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Posted: 10/12/21 06:21am Link  |  Quote  |  Print  |  Notify Moderator

I'm aware of the difference between start and run current. My point was that in this case start current is pretty much all there is, which kind of skews the traditional approach to circuit protection.

mkirsch

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Posted: 10/12/21 06:38am Link  |  Quote  |  Print  |  Notify Moderator

Engine start circuits aren't protected due to the Amps involved and the impracticality of fusing it. Just look at your truck. Battery cable runs straight to the starter.

Can you imagine in the middle of a snowstorm your car refuses to start because the fuse running to the starter popped?


Putting 10-ply tires on half ton trucks since aught-four.

deltabravo

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Posted: 10/12/21 06:45am Link  |  Quote  |  Print  |  Notify Moderator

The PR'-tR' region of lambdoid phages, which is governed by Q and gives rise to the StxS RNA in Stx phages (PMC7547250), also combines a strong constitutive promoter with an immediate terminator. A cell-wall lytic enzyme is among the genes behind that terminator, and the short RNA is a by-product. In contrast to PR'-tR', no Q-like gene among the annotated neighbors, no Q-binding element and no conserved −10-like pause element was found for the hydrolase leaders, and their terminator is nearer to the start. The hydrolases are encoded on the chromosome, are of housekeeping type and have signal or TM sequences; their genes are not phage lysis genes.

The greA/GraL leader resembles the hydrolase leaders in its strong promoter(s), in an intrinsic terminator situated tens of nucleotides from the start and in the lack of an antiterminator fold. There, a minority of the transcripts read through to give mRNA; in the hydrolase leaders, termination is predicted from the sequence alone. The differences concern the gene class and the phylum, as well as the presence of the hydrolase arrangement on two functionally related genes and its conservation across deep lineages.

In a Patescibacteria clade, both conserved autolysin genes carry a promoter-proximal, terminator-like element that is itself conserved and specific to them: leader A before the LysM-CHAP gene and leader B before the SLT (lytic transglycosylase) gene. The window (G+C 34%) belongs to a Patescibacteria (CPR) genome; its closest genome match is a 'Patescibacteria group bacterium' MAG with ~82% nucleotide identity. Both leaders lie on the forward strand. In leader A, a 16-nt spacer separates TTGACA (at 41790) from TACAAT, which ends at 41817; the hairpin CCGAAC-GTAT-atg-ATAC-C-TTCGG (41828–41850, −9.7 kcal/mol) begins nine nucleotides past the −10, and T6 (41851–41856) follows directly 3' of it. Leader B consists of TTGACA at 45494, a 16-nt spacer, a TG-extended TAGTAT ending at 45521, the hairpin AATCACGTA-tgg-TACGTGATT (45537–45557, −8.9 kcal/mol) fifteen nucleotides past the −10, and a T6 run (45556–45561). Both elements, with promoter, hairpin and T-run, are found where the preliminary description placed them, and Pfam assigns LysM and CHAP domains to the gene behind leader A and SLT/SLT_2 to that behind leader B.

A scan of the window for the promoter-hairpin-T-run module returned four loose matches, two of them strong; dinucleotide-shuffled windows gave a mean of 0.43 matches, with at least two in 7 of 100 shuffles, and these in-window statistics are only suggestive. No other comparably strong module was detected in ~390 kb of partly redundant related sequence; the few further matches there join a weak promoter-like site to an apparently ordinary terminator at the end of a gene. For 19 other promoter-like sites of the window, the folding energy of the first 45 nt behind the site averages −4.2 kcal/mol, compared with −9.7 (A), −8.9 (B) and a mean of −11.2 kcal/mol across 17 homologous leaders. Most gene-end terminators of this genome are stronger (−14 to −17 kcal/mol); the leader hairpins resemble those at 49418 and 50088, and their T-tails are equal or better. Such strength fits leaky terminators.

memilanuk wrote:

where do I land the generator starting leads at? On the batteries, un-fused and inside the disconnect & shunt? Or on the bus bar - and fused how, exactly?

I put my generator B+ back to the B+ terminal with no fuse when I switched to Battleborn batteries

When I installed my inverter and BMV-712, I put the generator B- cable on the load side of the shunt. I show the shunt wiring in this video or this one

memilanuk wrote:

Yes, I realize the goal is to not have to use the genny... but I'll feel better knowing that it's still there if I need it.

I installed one of the new fangled Cummins Onan 2500i generators back in June. It's lot quieter than the old model


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2018 Arctic Fox 992 with an Onan 2500i "quiet" model generator

memilanuk

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Posted: 10/12/21 08:50am Link  |  Quote  |  Print  |  Notify Moderator

deltabravo wrote:

I put my generator B+ back to the B+ terminal with no fuse when I switched to Battleborn batteries

When I installed my inverter and BMV-712, I put the generator B- cable on the load side of the shunt. I show the shunt wiring in this video or this one


I'm trying to do something roughly along the lines of your build, same inverter charger, bigger batteries, and hopefully less kitchen reno [emoticon]

I'd watched all of those videos a few times... now that you pointed it out, I went back and watched them again. It's not really ever mentioned as such, but I think towards the end of the Battleborn video I can see some 'extra' cables that look like the generator start leads coming off the battery terminals.